National Basketball Players Association
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|Headquarters||Park and Tilford Building|
The National Basketball Players Association (the NBPA) is a labor union that represents basketball players in the National Basketball Association (NBA). It was founded in 1954, making it the oldest trade union of the four major North American professional sports leagues. However, the NBPA did not get recognition by the NBA team owners until ten years later. Its offices are located in the historic Park and Tilford Building in New York City. It was briefly a trade association after dissolving as a union during the 2011 NBA lockout.
In 1983, players and owners reach a historic agreement, that introduced the "salary cap" era into professional sports. This was believed[by whom?] to be the first salary cap in any major professional sports league in the United States.
1995 NBA labor dispute
The NBA experienced its first work stoppage, when owners imposed a lockout, that lasted from July 1 through September 12, when players and owners reached an agreement. Because the lockout took place during the off-season, no games were lost.
The second NBA lockout, which ran into the 1998–99 season, lasted almost 200 days, and wiped out 464 regular-season games. After players and owners reached an agreement, the season did not start until February 5, 1999, with each of the 29 NBA teams playing a 50-game schedule.
The current collective bargaining agreement was reached in July 2005, and expired at 12:01 EST on July 1, 2011, following completion of the 2010–11 NBA season, resulting in a lockout, similar to the 2011 NFL lockout. ESPN has reported that the owners and players failed to reach an agreement and broke off negotiations, and that the owners began a lockout immediately after the collective bargaining agreement expired.
On November 14, the NBPA was converted from a union into a trade association, enabling the players as individual employees to be represented by lawyers in a class action antitrust lawsuit against the league, calling the lockout an illegal group boycott. The NBPA re-formed as a union on December 1, receiving support from over 300 players, exceeding the requirement for at least 260.
In February 2013, Billy Hunter was ousted unanimously as executive director of the National Basketball Players Association (NBPA) amid charges of nepotism and other concerns. 17 months later on July 29, 2014, Michele Roberts, a Washington, D.C. litigator, was elected as the new executive director of the National Basketball Players Association. She became the first female executive director of NBPA and the first woman to head a major professional sports union in North America. She would help avoid a opt-out labor dispute from occurring in 2017 with negotiations taking place early in 2016.
- Larry Fleisher (1970–1988)
- Charles Grantham (1988–1995)
- Simon Gourdine (1995–1996)
- Alex English (1996, interim)
- Billy Hunter (1996–2013)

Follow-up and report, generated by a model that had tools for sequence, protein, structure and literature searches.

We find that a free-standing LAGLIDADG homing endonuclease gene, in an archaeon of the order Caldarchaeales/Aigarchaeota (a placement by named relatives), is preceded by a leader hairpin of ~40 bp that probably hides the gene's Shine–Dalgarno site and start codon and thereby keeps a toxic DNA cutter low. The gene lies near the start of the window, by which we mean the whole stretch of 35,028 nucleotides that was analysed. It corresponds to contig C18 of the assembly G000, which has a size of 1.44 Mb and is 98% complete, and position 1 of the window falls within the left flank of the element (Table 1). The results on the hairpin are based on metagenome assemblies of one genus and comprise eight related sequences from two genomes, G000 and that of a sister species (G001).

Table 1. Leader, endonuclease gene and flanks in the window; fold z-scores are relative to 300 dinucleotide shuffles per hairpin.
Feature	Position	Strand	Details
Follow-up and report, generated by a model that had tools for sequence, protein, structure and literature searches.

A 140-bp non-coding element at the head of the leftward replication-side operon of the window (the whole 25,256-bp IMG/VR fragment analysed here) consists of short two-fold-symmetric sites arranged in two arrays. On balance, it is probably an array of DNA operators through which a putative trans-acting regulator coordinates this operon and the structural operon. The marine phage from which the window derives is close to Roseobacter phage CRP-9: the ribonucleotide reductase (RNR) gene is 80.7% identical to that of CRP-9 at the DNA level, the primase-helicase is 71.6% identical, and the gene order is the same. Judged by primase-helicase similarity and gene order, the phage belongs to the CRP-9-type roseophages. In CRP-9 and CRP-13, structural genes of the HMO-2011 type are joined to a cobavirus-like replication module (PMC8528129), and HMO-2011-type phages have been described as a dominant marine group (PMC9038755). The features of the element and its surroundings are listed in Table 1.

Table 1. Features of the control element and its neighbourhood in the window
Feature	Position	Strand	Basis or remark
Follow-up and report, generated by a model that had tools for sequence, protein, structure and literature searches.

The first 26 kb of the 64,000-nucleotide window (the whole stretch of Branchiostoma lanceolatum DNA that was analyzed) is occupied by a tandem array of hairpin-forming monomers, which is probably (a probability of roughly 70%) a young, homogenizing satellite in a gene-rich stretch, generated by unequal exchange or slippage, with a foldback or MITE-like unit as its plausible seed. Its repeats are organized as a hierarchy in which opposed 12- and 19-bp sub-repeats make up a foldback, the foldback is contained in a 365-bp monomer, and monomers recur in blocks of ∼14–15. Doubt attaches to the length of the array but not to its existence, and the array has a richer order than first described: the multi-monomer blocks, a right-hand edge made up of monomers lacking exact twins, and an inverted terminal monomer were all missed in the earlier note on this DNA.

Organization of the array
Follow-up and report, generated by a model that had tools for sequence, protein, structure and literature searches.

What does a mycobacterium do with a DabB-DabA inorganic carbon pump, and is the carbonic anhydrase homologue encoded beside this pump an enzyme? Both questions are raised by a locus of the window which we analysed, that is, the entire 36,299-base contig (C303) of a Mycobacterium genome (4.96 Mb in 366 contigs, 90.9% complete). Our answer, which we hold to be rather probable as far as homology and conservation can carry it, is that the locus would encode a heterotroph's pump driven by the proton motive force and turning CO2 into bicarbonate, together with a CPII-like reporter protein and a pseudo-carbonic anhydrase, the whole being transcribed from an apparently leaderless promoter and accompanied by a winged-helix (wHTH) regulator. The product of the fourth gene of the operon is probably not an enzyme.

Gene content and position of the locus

- Michele Roberts (2014–present)
- Bob Cousy: (1954–1958)
- Tom Heinsohn: (1958–1965)
- Oscar Robertson: (1965–1974)
- Paul Silas: (1974–1980)
- Bob Lanier: (1980–1985)
- Junior Bridgeman: (1985 – February 1988)
- Alex English: (February 1988 – October 5, 1988)
- Isiah Thomas: (October 5, 1988 – February 13, 1994)
- Buck Williams: (February 13, 1994 – September 15, 1997)
- Patrick Ewing: (September 15, 1997 – July 10, 2001)
- Michael Curry: (July 10, 2001 – June 28, 2005)
- Antonio Davis: (June 28, 2005 – November 19, 2006)
- Derek Fisher: (November 19, 2006 – August 21, 2013)
- Chris Paul: (August 21, 2013–present)
First Vice President
- Steve Blake: (August 21, 2013 – June 23, 2017)
- Kyle Korver: (February 12, 2016 – June 23, 2017)
- Carmelo Anthony: (June 23, 2017–present)
- Stephen Curry: (June 23, 2017–present)
- Pau Gasol: (June 23, 2017–present)
- Andre Iguodala: (June 23, 2017–present)
- Garrett Temple: (June 23, 2017–present)
- Anthony Tolliver: (August 21, 2013–present)
NBPA organizes Sportscaster U., an annual broadcasting training camp at Syracuse University in association with the Newhouse School of Public Communications. In past ten years, hundreds of NBA players have attended this camp, and went on to successful careers in broadcasting.
- Cindy Hamilton (July 2008). "National Register of Historic Places Registration: Park and Tilford Building". New York State Office of Parks, Recreation and Historic Preservation. Retrieved March 19, 2011.
- Bradley, Robert. "Labor Pains Nothing New to the NBA". Retrieved February 26, 2011.
- Sheridan, Chris (June 30, 2011). "NBA says it will lock out players". ESPN. Retrieved June 30, 2011.
- Newcomb, Tim (November 15, 2011). "NBA Players Look to Disband Union: Will There Be a Season At All?". TIME. Archived from the original on November 15, 2011.
- Beck, Howard (November 15, 2011). "N.B.A. Season in Peril as Players Reject Offer". The New York Times. p. A1. Archived from the original on November 15, 2011.
- Hunter, G. William; Fisher, Derek; The NBPA Executive Committee. "NBPA disclaimer". ESPN Internet Ventures. Archived from the original (PDF) on November 15, 2011.
- "NBA players authorize return of union". ESPN Internet Ventures. Associated Press. December 1, 2011. Archived from the original on December 1, 2011.
- Billy Hunter unanimously voted out
- NBA Players Union NBPA elects Michele Roberts as executive director
- "Chris Paul elected NBPA president". CBSSports.com.
- "Chris Paul re-elected as president of the NBPA". NBA.com.
- release, Official. "Knicks' Anthony elected to NBPA's Executive Committee". NBA.com.
- "NBPA Sportscaster U. In 10th Year At Syracuse". Cuse. Retrieved 2017-09-05.
- "On Court to On Air: How NBA Players Become Broadcasters at Sportscaster U., Now in Its 10th Year - National Basketball Players Association". National Basketball Players Association. 2017-06-02. Retrieved 2017-09-05.